(Robert Frodeman and Carl Mitcham, 2007, p.508)
 Frodeman, R. and C. Mitcham (2007). "New Directions in Interdisciplinarity: Broad, Deep, and Critical." Bulletin of Science, Technology & Society 27(6).
Integrated circuit turns 50 Jack Kilby's invention enabled modern electronics Written by Shaun Nichols in San Francisco vnunet.com, 12 Sep 2008 The integrated circuit, the device that enabled computing as we now know it, is 50 years old today. The circuit was first constructed in 1958 by Jack Kilby, a newly-hired engineer at Texas Instruments.
"The author is a modern figure, produced no doubt by our society insofar as, at the end of the middle ages, with English empiricism, French rationalism and the personal faith of the Reformation, it discovered the prestige of the individual, or, to put it more nobly, of the 'human person' Hence it is logical that with regard to literature it should be positivism, resume and the result of capitalist ideology, which has accorded the greatest importance to the author's 'person'."
(Roland Barthes 1967)
"Interdisciplinarity is a commonly discussed alternative to the disciplinary pursuit of knowledge. It is often presented in the context of a critique of the disciplines. However, interdisciplinary enquiry emerges in response to problems defined in terms of the disciplines, and it is usually advanced as a way of enhancing the disciplinary pursuit of knowledge of reality. Most significantly, the emphasis of interdisciplinarity is on the unification of knowledge as a whole. Like the disciplines, interdisciplinarity is implicitly an idea of a unified, whole reality. It does not replace the disciplines but fills in alleged gaps between them by creating "cross-disciplines" that are in effect additional disciplines. The purpose of going "between" the disciplines is to realise a broader, more complete, and integrated understanding of phenomena than is afforded by any single discipline. Modern interdisciplinarity seeks to resolve sharp disciplinary distinctions in order to render the pursuit of knowledge into a coherent totality. It tries to repair the modern fragmentation of knowledge and bring the disciplines together so that the disciplinary project of knowledge of reality can be realised. For these reasons, interdisciplinarity is largely an uncritical extension of the disciplines rather than a critical alternative. Interdisciplinarity functions, in practice as opposed to rhetoric, as a logical implication of the disciplines and defines itself in terms of them."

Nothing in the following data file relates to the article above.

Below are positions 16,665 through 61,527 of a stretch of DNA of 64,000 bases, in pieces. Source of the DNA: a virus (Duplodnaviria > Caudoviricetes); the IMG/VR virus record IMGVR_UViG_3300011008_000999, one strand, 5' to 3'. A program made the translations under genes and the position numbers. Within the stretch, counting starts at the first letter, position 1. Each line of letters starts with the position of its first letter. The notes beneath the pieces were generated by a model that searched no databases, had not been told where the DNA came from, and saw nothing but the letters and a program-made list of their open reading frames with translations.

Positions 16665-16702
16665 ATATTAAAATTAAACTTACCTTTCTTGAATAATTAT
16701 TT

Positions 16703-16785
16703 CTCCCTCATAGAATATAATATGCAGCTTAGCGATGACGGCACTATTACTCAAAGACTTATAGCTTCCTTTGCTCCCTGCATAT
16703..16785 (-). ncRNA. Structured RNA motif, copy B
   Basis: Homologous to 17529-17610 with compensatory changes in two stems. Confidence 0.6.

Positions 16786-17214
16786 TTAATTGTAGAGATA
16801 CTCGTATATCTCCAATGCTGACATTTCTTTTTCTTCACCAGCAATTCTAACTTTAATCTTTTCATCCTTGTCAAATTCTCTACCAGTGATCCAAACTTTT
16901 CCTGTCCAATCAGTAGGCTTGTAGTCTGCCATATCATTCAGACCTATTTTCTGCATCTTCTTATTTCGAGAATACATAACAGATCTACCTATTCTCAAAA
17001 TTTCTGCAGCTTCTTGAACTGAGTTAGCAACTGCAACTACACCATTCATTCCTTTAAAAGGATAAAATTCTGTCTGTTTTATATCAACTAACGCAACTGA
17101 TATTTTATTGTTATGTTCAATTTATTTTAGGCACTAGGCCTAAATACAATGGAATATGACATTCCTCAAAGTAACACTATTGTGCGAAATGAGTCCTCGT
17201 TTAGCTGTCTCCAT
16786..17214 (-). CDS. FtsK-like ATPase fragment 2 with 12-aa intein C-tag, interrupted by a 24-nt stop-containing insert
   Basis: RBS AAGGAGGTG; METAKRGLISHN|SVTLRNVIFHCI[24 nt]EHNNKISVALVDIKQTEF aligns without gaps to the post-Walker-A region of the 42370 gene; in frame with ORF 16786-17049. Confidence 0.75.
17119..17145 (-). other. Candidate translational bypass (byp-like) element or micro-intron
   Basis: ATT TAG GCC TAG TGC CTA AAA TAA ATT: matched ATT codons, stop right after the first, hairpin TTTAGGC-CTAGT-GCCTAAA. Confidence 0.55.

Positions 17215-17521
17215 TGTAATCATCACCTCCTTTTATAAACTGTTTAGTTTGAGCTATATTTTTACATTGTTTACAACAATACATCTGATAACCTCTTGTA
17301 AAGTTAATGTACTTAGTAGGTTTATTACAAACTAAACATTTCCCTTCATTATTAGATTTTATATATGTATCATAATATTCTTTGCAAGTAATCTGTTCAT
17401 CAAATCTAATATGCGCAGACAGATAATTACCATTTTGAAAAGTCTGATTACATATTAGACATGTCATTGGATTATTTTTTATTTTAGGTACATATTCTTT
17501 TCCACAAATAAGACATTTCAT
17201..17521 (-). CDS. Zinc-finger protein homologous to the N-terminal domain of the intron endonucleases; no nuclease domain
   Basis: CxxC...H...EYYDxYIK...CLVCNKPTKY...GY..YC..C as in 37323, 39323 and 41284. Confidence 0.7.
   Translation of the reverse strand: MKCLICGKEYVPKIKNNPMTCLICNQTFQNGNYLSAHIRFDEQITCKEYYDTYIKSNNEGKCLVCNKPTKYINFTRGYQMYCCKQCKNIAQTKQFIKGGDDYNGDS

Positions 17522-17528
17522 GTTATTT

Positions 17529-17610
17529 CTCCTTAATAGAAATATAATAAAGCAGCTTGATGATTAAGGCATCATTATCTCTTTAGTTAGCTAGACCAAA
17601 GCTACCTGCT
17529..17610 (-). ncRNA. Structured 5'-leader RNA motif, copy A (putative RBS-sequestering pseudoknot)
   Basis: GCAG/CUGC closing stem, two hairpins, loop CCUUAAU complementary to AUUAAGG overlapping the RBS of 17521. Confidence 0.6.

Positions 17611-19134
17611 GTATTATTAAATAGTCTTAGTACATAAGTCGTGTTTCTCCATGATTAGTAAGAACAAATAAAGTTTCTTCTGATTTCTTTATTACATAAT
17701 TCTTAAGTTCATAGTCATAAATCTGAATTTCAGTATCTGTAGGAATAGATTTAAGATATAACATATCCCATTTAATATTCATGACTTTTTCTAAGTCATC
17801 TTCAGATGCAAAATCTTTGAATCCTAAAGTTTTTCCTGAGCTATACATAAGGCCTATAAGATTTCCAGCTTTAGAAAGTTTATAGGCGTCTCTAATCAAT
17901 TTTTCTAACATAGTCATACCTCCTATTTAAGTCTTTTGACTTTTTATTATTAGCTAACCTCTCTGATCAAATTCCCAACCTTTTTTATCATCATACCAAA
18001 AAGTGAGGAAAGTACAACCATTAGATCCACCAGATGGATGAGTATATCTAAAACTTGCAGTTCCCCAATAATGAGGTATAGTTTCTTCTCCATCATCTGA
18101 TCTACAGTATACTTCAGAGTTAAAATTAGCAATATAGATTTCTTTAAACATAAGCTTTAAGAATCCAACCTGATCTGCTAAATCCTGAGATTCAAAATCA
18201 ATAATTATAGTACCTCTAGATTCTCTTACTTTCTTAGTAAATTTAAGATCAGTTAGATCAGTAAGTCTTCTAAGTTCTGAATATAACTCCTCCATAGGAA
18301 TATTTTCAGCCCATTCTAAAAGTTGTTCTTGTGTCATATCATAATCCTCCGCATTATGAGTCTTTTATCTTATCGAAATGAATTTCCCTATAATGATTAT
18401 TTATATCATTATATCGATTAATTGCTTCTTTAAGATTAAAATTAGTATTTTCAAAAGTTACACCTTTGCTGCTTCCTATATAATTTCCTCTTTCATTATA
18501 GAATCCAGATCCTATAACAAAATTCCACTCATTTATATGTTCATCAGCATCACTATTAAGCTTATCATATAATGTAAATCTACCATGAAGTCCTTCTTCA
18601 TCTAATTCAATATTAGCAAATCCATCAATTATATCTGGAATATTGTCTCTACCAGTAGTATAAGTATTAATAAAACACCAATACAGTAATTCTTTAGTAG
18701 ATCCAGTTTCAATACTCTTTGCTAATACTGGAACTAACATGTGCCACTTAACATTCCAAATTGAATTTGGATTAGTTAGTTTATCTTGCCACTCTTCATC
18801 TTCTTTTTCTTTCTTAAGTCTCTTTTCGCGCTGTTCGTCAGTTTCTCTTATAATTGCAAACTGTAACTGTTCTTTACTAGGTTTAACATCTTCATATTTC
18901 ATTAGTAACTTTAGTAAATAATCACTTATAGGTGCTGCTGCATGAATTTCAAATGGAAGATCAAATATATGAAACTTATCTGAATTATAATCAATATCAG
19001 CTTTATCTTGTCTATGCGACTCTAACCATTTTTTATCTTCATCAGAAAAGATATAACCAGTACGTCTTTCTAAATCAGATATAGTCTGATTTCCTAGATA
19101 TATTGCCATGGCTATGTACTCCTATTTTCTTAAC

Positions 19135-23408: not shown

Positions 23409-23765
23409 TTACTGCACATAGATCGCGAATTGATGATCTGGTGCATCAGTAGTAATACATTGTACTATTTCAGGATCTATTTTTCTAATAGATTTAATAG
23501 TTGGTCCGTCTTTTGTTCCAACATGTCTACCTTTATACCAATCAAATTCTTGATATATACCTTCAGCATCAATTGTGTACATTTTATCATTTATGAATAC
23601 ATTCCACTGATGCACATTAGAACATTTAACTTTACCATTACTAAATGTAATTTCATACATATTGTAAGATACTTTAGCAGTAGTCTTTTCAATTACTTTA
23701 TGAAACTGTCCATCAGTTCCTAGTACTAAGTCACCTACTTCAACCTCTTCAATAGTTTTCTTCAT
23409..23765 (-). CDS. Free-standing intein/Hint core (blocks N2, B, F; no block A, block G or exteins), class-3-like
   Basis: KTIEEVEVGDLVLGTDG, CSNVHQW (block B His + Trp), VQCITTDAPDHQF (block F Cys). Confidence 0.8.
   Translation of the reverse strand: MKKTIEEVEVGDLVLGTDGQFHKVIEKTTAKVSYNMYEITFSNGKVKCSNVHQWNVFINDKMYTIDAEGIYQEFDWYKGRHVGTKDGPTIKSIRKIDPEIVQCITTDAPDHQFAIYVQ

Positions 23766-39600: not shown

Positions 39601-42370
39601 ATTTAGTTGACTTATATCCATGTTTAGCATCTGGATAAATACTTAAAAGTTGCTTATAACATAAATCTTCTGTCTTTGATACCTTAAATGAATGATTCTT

(Roger Philip Mourad Jr., p.81-82)
Mourad, Roger P Jr. 1997 'Postmodern Philosophical Critique and the Pursuit of Knowledge in Higher Education', Westport, USA: Bergin & Garvey. ISBN: 0897895541